Cellulose food gums: baking quality into gluten-free products.
As the number of people diagnosed with gluten intolerance, also known as celiac disease, is rising sharply around the world, and consumers choose to reduce their intake of wheat-based products, the food industry is developing gluten-free baked goods to meet the needs of this demand. Now, as a result of improved technology, these products are competing with their wheat-based counterparts in terms of consumer appeal and quality.
Interestingly, 10 years ago, gluten-free bread was sold in a pharmacy and out of a tin box; such products were used to address important dietary restrictions to avoid celiac disease. Now, thanks to the progress of food companies who have dedicated themselves to the manufacture of high quality gluten-free ingredients and products, people affected by celiac disease can currently enjoy a variety of bakery products, ranging from muffins, bread, cookies and pizzas. Today, supermarkets have designated sections for gluten-free shoppers and it is likely that, during the next 10 years, we will see "gluten-free" as a choice on food menus in restaurants--in much the same way that vegetarian and meat-free choices are available.
In food production, gluten is a protein that plays a significant role from the early stages of dough processing all the way through to the baking of the finished product. Gluten-free bakery products could, potentially, end up being more dense and have a much less tender texture as a result of its absence. METHOCEL food gums offer a solution to gluten replacement. They are allergen-free and a good source of dietary fibre. In addition, they offer surprisingly unique benefits that mimic the gluten protein and can address the food formulation issues that developers face when processing dough products without gluten, such as aiding with dough structure and development. METHOCEL technology is based on cellulose derived from natural sources; it undergoes a proprietary procedure that enables its unique emulsifying and thermal gelling characteristics, which support the replacement of gluten throughout the bakery process.
It All Starts with the Dough
Anyone who has ever tried to bake a gluten-free product knows that the handling of the dough is, indeed, "a sticky problem." The issue is especially important when a bread dough is needed: without gluten, elasticity cannot be developed within the dough and the kneading process remains ineffective. During the kneading of a traditional wheat-based bread dough, the gluten lengthens and develops a film network that provides both strength and elasticity, as well as the ability to trap water and gases, which ensures moistness and enables the dough to rise during baking (Figure 1).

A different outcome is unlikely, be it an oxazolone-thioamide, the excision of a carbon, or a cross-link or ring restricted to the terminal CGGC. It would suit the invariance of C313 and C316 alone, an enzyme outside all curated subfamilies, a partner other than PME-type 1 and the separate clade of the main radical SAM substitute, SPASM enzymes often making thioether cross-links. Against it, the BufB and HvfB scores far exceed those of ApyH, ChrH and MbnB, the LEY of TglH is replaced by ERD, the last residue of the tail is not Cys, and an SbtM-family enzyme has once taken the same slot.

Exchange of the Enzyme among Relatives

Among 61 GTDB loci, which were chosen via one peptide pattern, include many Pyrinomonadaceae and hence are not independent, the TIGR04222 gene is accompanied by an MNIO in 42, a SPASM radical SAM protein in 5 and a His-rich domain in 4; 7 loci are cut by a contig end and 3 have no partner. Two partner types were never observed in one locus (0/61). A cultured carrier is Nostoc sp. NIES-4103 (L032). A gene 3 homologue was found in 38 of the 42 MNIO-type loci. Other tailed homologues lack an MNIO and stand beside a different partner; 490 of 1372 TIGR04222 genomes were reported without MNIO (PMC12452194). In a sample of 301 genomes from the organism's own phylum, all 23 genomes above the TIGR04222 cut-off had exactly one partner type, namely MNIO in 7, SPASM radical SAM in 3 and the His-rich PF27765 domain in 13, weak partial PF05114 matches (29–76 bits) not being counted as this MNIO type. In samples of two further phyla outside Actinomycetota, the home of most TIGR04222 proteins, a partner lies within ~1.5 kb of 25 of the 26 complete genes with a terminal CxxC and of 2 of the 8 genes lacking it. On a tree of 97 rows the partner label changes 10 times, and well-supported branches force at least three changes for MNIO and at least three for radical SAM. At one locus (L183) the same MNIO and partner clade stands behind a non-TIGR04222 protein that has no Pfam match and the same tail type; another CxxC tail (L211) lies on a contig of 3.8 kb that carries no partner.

Hydrocolloids, more commonly known as food gums, can also affect the rheological behaviour of dough, as they mimic the viscoelastic properties of gluten and trap water. METHOCEL has the ability to hydrate quite quickly when used in dough or cake batter formulations and can trap water very effectively. Dough processing is a high shear procedure: METHOCEL, like gluten, is very process tolerant and resistant to this shear. As gluten-free batters are usually mixed quite intensely to develop and distribute ingredients, it is key to use hydrocolloids that will not be damaged by this high shear process. Moreover, it has been observed that the film-forming properties of METHOCEL act as a lubricant inside the batter and protect the other formulation ingredients from being damaged by mixing--particularly starch granules. This increased mixing tolerance will, to some extent, protect the dough from occasional "over-mixing accidents" and ensure optimal functionality of the ingredients in the latter stages of production. And, finally, cellulose gums are used widely in food products for their tensioactive properties. This tensioactivity, derived from METHOCEL's hydrophilic and hydrophobic properties, provides reduced surface tension between the water and air/ water/fat inside the dough. This provides the unique emulsifying properties that are necessary to mimic the gluten protein.
[FIGURE 1 OMITTED]
It is important to describe and understand this emulsifying property better. When oil and water or air are combined in foods, an interface is created inside the food product. For example, an air and water interface is created in a mousse or whipped topping and an oil and water interface is seen when we create an emulsion or dressing. Typically, oil and water or air do not want to be in contact with each other and, to mix effectively, they require an emulsifying agent that reduces the tension created between these two interfaces. Gluten acts as such an agent because it is "amphiphilic" and has both a hydrophobic and hydrophilic moiety on its surface. METHOCEL also possesses this characteristic and will thus migrate to the interface. So, during the mixing of the dough, when air becomes incorporated into the dough matrix, gluten helps to ensure that the air stays trapped by emulsifying the surface; this keeps the gases in place and ensures that the dough rises properly during baking. In gluten free dough, however, there is no gluten to trap the gases. So, METHOCEL is used as a gluten replacement and wraps itself around the air bubbles and keeps the gases trapped for the baking cycle. Later, during proofing and baking, proper nucleation of the gas cells will be induced in the dough structure by using a bicarbonate or yeast leavening agent.
A Key Role During Baking
It was described earlier that, in the absence of gluten, gases produced by yeast during proofing or chemical leavening--needed to support the volume expansion caused by increased temperature in the oven--are not trapped in gluten's elastic network. There are other food gums that can trap air as a result of thickening and viscosity; but, when heated, these gums typically lose their viscosity. This is the case with guar gum, cellulose gum and, to a lesser extent, xanthan gum. This loss of viscosity weakens the dough structure and, especially in large size products or free-bake products, will not enable the proper raising of the foodstuff. The result is a bakery product that is very dense or compact, the starch cooking time becomes very long and difficult, and the resulting texture of the product is often wet and gluey. Figure 2 shows three different gluten-free breads. The control (gluten-free with no food gum) is compared with a gluten-free/guar food gum and a gluten-free/ METHOCEL food gum loaf. The difference in volume and expansion of the bakery product can easily be seen between the control and guar gluten-free breads versus the bread made with METHOCEL. This is the result of the loss of gases too early during the baking process.